She looked back up. Her son was staring at her like she was an alien from another planet.

"I went in to see him. His mother, Grandma Maitland, was in the room when I walked in. She wasn't happy to see me. To put it mildly. His father had died years before and your father was the only thing she had left. She said some terrible things – things I probably deserved – and threw me out. I came back later when she was gone and stared at him. He was just some stranger, some kid I'd never have noticed if I'd ever seen him around UF. His eyes were closed and he was blanketed in tubes and monitors.

"And he had risked his life to save some girl he'd never seen before. It was like something out of a book, a movie, a fairytale. I knew no matter how much shit guys had given me all my life about how wonderful I was, I wasn't worth dying for."

She stared into her son's eyes, eyes that reminded her of his father.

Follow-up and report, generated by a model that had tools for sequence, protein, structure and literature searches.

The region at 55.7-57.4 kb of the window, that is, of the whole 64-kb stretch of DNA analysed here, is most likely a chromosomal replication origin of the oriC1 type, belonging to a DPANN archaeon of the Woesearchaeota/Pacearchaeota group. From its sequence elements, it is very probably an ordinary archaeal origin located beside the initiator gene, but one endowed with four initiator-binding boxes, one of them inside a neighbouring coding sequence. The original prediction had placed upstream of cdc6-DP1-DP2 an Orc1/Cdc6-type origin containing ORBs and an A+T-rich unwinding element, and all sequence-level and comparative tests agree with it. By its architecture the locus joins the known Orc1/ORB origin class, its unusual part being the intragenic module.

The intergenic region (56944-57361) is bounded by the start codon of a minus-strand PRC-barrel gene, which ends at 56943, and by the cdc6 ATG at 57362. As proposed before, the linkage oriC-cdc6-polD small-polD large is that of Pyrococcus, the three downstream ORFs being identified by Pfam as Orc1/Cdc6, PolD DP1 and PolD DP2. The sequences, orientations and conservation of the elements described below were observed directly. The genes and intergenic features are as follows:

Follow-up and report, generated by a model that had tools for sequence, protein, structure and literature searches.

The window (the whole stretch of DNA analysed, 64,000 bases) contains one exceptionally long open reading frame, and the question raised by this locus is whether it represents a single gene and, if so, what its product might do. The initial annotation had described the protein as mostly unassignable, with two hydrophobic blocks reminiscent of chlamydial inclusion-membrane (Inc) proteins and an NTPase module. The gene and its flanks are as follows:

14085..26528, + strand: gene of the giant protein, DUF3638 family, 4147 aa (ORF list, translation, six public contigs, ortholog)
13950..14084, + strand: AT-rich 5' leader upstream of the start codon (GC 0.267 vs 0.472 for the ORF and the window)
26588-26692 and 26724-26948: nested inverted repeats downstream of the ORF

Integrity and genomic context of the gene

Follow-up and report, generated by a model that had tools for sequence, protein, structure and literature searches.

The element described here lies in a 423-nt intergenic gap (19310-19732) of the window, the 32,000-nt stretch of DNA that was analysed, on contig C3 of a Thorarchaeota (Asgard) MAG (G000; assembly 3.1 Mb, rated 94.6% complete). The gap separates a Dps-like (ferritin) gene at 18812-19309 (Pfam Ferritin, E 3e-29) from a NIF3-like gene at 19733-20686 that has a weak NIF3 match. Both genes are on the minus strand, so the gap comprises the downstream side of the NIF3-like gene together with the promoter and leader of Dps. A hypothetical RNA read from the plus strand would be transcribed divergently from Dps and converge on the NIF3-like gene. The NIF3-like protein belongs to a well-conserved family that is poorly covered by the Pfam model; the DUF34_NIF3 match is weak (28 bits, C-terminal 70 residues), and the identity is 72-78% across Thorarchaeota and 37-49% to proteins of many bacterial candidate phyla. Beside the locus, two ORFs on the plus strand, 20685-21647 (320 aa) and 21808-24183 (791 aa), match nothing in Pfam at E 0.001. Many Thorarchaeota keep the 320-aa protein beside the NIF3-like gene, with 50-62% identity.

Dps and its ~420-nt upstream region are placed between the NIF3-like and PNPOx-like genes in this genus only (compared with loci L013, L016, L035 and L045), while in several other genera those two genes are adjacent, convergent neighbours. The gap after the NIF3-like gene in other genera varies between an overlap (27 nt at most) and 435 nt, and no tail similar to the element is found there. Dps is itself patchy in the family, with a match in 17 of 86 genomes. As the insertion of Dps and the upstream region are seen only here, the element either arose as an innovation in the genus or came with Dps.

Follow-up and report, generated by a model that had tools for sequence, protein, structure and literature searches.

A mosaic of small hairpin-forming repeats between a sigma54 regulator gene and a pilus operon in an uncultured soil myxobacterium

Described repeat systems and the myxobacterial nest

"That's the kind of man your father is. He might not have been the world's best father, he damn sure wasn't the best husband, but he was and is a good man."

She was crying. Bill started toward her and she put her hand out to stop him.

"It's okay. I'm alright. I just hadn't...thought of that for a long time."

She got up and went to their bedroom. And called Doug.

"Don't come here today, Doug."

"What? Why? Deb, I got somebody to cover my classes. You know how hard it is to get someone to come in during the summer to cover a class? I called in favors, because I wanted to be with you."

She took a deep breath, and wiped her eyes.

"Sorry. I just...lost the mood."

"That son of a bitch, Bill. What did he do now?"

She hung up on him.


Tuesday, July 12, 2005 – NOON

His secretary came back out of his office with Dr. Ernst Teller right on her heels. He was a tall, angular, brown haired man with the hair cut in an old fashioned almost-buzz cut. Combined with the hawk nose, the piercing gaze and the ram-rod straight posture, he could have posed for a World War I German Aircraft Ace Poster. The only thing missing was a monocle and a cigarette held loosely in his lips with a cigarette holder.